Sekolah Kebangsaan Sena

Multimedia Production: Media Workflow 2 - Preparing For Work

TechNewsResearching for a production can be a tedious job, requiring a considerable amount of time scurrying for information from various sources, with the Internet being the most convenient, albeit secondary in most cases, and direct queries which don't always work in the favor of severely underaged reporters that we employ. That being said, there are instances where people tend to be more cooperative (orResearch can be a very good exercise in thinking and planning, if done right. at least more sympathetic) to the cause when kids are involved, instead of irritating adults pressing for answers when there is none to give. The reason why research demands so much time and focus is because a production is only worth its weight in content. Even a purely fictitious drama needs some semblance of reality, a link to current issues, if it's to attract any attention, garnering empathy from the audience. More so in a fact-based inquiry such as a news report, a documentary or a magazine show, where the type of contents presented, along with the style of presentation can make a world of difference in acceptance and viewer rating. In this day of tip-of-the-finger information, simple and basic information simply just doesn't cut it anymore. Producers need to come up with something unique, out of the ordinary, or issues that have previously skipped most people's attention to make their shows stand out. Not only that, the 'facts' need to be checked-out before they are released to the masses, which means even more work to validate each material prior to production.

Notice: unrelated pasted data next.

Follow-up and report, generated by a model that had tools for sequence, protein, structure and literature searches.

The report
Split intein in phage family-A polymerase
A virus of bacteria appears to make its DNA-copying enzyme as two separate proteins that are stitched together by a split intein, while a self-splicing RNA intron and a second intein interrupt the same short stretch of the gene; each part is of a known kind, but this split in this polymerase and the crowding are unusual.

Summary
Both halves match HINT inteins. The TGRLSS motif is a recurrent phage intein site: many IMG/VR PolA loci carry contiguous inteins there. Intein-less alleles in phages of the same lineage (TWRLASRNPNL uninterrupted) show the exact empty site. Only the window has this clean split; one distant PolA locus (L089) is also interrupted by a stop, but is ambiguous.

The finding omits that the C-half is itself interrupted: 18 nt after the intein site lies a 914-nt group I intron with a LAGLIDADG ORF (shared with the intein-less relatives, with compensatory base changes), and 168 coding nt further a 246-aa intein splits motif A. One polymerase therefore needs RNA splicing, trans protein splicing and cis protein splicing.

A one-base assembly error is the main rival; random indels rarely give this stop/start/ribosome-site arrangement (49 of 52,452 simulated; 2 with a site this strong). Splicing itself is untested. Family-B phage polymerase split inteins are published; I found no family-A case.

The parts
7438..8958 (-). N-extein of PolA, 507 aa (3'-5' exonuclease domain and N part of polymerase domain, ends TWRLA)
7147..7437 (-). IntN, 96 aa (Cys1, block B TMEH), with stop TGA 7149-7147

Then there is the more technical aspect of the matter, that is researching the necessities and capabilities to be had during production. In other words, finding out what kind of equipment will be necessary versus what we already have, conducting reconnaissance on the location (otherwise known as 'recce' to the initiated) to determine the kind of terrain we'll be working on, if weather is going to be a concern, the sort of people we'd expect to be present during a shooting session, whether there are protocols and special procedures to be heeded, what events are supposed to take place during production, how much control the crew is going to have over how things go on, the availability of power supply, and many more aspects that must be sorted out before we start packing up. In this respect, a session that takes place at a considerable distance from home base would naturally present a bigger challenge, since we will need to be more careful in how we prepare for it. Leaving behind a piece of equipment or two is definitely not an option. However, in this article, we will focus on the former side of research, as we will encounter the latter again once we start discussing Equipment Preparation.